Southwest Airlines said Thursday that a dog injured a child as passengers boarded a flight in Phoenix, an event likely to fuel the debate over the growing number of emotional-support animals on planes.
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A passenger on Wednesday's Phoenix-to-Portland, Oregon, flight tweeted that a dog bit a girl as she approached it, and that she screamed and cried. The man, Todd Rice, did not immediately respond to a Twitter message seeking further comment.
Southwest said the dog's teeth "scraped a child's forehead" and paramedics checked the girl, who appeared to be 6 or 7 years old.
Southwest spokeswoman Melissa Ford said the dog was in the plane's first row of seats with its owner, who said he warned the girl not to approach his dog.
Police interviewed the girl's family and the dog's owner. The family decided to remain on the plane, while the dog and its owner left and took a later flight, Ford said.
The incident happened as airlines consider new restrictions on passengers flying with emotional-support animals.
Unlike service animals such as guide dogs, support animals need no training. However, passengers can be asked to show a medical professional's note explaining why they need the animal to travel.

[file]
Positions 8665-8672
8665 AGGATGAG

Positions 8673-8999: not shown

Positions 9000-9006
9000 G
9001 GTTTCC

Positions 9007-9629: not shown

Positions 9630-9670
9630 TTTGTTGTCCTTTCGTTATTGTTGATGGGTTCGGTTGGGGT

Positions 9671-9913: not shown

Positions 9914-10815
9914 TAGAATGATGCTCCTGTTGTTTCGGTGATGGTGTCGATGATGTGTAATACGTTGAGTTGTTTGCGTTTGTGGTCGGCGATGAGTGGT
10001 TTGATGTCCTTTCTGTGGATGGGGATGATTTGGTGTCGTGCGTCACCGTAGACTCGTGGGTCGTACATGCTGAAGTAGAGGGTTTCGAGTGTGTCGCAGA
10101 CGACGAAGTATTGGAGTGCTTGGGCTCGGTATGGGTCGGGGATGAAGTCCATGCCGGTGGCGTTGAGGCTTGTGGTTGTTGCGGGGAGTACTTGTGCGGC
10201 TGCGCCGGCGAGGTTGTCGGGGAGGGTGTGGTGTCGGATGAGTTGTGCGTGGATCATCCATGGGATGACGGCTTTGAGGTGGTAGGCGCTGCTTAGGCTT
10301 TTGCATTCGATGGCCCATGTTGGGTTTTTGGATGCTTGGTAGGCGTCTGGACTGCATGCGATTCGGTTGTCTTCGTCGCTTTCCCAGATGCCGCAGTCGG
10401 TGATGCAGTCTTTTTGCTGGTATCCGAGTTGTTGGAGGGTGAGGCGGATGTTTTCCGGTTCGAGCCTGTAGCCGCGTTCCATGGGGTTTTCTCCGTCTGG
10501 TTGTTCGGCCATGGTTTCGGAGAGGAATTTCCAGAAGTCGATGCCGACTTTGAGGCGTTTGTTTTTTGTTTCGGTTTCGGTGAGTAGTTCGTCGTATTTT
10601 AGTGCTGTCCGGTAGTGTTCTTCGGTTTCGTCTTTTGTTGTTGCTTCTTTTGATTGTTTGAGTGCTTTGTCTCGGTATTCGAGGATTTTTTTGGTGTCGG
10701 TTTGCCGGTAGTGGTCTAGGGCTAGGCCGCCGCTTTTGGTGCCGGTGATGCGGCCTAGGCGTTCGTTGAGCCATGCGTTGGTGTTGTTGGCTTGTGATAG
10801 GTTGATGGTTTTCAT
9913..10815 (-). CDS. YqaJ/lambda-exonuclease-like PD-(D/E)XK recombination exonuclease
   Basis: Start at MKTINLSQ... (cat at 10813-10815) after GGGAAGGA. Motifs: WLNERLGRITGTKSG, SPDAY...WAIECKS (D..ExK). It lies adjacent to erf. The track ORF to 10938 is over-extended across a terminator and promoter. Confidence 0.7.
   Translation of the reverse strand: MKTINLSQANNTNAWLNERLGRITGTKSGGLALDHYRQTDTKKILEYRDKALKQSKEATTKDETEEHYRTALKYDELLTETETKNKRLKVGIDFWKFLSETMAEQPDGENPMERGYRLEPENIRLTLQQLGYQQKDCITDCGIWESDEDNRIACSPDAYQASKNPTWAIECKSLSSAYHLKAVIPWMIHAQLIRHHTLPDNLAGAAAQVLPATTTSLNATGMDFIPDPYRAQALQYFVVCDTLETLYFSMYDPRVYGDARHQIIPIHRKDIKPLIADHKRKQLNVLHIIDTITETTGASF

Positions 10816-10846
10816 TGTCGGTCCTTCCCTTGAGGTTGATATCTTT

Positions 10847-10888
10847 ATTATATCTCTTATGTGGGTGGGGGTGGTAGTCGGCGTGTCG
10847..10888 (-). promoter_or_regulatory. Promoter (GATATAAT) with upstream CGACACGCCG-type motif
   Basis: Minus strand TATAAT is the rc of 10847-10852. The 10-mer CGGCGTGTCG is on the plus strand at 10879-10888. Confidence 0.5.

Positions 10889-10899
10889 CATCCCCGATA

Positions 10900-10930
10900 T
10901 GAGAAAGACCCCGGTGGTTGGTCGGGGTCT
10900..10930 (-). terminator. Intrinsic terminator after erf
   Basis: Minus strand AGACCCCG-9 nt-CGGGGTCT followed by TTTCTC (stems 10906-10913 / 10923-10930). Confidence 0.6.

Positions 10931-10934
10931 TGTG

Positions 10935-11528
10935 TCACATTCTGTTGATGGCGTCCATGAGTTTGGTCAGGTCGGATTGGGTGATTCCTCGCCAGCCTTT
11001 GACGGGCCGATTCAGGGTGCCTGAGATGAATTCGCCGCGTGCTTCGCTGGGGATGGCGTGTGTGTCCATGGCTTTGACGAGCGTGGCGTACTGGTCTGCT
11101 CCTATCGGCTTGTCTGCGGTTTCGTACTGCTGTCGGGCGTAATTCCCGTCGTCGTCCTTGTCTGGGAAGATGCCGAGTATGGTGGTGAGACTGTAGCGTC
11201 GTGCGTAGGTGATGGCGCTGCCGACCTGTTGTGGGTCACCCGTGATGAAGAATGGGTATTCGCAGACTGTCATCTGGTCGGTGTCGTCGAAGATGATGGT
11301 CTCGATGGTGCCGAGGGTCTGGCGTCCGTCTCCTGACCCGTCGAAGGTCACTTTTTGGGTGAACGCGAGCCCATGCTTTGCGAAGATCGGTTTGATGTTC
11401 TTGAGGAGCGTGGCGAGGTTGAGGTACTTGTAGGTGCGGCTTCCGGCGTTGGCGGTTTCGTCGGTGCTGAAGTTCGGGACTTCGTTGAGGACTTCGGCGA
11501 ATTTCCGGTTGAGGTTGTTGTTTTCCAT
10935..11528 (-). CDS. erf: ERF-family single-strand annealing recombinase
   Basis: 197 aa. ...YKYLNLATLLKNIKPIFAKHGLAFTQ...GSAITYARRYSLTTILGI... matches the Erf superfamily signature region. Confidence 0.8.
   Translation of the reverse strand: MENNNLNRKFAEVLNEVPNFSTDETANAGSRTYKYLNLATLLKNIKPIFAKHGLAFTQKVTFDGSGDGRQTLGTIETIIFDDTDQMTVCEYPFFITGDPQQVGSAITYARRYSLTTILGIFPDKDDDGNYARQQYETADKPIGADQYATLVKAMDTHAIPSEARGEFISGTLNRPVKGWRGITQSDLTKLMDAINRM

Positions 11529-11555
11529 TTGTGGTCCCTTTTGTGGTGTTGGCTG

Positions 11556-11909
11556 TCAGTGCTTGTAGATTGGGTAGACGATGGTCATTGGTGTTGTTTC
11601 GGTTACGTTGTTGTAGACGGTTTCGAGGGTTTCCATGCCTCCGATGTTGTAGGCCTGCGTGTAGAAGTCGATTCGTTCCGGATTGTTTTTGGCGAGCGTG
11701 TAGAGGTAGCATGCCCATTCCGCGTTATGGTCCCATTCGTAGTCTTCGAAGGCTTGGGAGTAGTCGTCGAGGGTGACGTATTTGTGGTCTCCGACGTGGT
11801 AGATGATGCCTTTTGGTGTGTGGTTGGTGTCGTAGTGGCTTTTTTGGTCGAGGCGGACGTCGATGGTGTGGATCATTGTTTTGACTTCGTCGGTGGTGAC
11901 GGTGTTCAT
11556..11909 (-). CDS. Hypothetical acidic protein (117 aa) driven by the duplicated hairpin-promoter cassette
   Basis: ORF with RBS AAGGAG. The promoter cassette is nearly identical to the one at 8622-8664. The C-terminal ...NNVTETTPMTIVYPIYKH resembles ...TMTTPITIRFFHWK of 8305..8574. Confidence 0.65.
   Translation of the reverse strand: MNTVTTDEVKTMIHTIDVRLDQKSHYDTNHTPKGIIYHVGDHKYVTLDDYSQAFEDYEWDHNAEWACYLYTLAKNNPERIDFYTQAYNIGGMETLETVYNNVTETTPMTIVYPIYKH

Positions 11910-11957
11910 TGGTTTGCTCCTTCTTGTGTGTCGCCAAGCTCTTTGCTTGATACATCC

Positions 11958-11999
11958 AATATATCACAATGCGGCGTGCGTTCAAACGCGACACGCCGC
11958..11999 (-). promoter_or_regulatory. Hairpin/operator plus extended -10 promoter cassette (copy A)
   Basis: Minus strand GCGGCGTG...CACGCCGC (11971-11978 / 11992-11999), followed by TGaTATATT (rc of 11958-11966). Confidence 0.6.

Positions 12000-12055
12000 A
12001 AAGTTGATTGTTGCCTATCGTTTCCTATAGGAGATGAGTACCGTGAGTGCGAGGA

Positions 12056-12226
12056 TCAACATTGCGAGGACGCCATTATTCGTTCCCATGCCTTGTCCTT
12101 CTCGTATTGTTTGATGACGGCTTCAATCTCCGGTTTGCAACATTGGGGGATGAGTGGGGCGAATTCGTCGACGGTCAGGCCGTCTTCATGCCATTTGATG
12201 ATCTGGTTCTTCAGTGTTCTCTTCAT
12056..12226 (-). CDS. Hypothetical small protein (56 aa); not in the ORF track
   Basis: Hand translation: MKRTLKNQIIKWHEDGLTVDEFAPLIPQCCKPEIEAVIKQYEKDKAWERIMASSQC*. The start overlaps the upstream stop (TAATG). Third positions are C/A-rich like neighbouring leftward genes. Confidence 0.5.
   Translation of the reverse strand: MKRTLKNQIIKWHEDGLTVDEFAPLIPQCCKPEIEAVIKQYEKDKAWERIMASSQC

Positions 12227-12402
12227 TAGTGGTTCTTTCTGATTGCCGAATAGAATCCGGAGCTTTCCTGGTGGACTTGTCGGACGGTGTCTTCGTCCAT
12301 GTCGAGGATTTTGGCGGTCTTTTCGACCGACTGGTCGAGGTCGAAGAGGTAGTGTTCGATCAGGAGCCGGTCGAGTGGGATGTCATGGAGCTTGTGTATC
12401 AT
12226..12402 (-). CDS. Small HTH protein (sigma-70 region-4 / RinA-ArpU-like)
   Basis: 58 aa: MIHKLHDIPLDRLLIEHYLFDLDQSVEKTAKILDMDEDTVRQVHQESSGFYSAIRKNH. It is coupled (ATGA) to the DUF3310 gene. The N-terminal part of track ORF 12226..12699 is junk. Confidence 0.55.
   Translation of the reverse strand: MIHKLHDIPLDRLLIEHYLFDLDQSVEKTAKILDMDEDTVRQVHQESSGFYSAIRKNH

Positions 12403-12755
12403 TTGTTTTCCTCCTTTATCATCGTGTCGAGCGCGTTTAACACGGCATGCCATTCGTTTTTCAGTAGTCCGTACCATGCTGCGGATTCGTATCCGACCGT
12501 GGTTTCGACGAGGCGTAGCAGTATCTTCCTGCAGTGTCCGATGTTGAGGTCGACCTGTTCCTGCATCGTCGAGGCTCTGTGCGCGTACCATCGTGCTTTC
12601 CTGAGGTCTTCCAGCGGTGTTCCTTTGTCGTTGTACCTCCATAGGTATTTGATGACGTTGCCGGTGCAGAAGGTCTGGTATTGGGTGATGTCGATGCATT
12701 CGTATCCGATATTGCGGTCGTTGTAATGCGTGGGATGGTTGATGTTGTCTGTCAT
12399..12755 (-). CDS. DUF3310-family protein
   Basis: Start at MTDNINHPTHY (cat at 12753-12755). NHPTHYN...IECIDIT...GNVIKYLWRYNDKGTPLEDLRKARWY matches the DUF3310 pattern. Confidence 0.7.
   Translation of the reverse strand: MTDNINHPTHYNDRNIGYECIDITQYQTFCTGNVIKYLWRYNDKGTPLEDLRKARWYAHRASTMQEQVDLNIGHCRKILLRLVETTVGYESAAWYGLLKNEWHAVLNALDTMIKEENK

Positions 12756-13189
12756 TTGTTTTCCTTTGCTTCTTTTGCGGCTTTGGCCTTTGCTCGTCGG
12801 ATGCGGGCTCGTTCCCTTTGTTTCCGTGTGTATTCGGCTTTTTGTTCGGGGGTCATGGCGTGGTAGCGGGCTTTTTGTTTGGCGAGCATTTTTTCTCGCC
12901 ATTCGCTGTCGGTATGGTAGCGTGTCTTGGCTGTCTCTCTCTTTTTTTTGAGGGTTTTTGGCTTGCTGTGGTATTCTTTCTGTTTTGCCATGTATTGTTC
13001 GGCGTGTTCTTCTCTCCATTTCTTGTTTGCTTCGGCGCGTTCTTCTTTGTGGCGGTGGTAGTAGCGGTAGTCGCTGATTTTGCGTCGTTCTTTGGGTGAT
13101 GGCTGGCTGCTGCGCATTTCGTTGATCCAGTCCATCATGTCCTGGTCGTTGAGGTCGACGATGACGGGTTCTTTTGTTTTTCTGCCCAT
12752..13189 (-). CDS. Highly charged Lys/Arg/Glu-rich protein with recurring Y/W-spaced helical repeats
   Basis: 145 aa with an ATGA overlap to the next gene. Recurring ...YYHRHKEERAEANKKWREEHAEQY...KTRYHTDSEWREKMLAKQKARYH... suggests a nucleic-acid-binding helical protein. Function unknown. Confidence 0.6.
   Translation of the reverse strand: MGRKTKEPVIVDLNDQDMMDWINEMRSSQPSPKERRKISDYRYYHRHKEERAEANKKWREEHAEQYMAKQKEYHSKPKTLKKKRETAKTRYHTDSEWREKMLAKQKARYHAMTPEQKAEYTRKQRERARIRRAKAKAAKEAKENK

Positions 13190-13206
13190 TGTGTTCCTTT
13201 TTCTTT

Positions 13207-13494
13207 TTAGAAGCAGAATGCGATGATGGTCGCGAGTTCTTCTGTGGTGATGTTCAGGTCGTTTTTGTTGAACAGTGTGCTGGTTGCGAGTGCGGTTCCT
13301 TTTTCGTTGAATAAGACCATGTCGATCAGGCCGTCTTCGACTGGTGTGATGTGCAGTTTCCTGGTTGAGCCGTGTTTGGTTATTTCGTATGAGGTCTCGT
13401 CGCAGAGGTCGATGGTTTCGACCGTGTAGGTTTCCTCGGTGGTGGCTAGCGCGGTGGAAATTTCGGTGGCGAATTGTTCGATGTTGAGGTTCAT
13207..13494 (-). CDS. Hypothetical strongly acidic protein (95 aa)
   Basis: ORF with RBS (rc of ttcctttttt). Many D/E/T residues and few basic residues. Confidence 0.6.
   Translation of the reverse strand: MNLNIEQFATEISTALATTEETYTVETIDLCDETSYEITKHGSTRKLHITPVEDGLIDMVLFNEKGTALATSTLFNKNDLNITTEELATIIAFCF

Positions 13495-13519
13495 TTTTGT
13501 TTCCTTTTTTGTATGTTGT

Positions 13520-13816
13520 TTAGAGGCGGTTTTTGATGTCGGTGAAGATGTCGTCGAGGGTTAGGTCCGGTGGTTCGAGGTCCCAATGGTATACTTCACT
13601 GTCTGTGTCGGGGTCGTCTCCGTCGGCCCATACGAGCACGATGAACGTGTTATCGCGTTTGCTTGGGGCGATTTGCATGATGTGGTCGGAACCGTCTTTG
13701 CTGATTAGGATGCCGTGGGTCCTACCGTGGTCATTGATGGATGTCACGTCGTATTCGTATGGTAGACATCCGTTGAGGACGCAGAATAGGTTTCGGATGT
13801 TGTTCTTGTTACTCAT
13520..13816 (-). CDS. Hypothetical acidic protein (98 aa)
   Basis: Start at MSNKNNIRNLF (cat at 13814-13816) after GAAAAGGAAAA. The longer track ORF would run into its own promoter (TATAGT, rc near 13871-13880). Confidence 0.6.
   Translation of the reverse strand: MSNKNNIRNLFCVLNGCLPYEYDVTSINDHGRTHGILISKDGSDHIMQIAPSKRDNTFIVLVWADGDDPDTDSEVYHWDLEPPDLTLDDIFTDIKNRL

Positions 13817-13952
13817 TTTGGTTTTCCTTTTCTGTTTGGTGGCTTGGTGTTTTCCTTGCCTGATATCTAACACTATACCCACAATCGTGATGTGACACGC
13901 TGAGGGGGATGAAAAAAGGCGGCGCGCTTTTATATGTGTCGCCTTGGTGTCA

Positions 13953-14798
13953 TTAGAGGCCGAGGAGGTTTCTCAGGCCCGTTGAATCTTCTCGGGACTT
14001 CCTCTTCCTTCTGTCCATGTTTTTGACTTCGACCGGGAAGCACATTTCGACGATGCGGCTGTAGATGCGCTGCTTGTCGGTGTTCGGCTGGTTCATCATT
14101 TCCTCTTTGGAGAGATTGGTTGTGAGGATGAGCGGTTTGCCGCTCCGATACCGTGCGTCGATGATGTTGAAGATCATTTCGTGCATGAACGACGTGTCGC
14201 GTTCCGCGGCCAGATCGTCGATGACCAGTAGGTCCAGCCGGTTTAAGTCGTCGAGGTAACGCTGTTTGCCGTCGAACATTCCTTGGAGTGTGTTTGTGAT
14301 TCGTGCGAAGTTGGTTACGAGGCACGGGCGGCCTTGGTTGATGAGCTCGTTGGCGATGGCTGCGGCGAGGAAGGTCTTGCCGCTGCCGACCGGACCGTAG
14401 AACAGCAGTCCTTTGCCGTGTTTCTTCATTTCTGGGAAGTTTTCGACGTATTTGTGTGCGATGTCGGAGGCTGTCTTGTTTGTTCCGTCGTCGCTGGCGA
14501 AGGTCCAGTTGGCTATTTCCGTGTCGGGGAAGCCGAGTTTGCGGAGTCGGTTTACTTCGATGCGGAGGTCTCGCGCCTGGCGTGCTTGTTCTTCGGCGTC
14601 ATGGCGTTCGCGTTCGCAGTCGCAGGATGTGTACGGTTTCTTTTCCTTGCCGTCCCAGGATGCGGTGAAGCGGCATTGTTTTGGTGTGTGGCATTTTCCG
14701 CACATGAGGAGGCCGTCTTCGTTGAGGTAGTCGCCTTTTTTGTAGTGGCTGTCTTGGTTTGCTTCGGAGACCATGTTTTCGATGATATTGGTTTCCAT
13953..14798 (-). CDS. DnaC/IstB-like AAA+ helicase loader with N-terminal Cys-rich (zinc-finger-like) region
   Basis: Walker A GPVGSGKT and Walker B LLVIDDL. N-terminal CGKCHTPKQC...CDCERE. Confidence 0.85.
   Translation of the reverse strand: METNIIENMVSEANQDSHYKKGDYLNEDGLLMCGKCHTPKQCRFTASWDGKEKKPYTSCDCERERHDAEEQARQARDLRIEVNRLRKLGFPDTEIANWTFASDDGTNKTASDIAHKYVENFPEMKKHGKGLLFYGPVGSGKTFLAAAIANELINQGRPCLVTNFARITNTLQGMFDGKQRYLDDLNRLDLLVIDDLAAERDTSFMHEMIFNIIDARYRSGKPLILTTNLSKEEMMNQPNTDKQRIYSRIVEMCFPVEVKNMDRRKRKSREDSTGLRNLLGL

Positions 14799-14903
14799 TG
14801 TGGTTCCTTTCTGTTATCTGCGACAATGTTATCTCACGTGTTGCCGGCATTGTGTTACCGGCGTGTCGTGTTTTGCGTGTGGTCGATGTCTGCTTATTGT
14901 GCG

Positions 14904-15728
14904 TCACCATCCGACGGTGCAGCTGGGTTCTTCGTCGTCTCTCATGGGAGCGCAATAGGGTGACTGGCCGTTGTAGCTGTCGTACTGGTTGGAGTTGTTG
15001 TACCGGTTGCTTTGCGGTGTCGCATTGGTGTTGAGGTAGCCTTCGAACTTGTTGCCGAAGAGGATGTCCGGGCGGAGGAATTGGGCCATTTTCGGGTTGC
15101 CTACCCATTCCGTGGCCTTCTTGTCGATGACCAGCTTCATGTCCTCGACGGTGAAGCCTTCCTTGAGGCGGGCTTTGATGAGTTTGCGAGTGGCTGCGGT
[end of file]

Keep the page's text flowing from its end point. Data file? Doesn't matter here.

Southwest started reviewing its policy even before Wednesday's event, Ford said. Starting next week, Delta Air Lines and United Airlines will require more paperwork and assurances from owners of support animals.
Both Delta and United said they have seen a sharp rise in the number of support animals in the last year or so. Last June, a 70-pound (32-kilogram) dog flying on Delta as a support animal bit a passenger in the face severely enough that the man required hospital care.
Delta had planned to require owners of both service and support animals to submit health forms filled out by a veterinarian at least 48 hours before a flight. On Thursday, however, Delta softened the provision for service dogs after running into opposition from advocacy groups for the disabled.
People who use service dogs said Delta's original 48-hour requirement would have made it impossible for them to take last-minute, emergency flights.
Delta said it won't require customers to submit veterinarians' forms in advance for trained service animals but might "in some cases" ask those customers to show their animal's vaccination records.
None of the new rules for support animals would apply to pets small enough to fit in carriers that go under airplane seats. Airlines charge up to $125 each way to carry a small pet in the cabin. There is no charge for service and support animals.
David Koenig can be reached at http://twitter.com/airlinewriter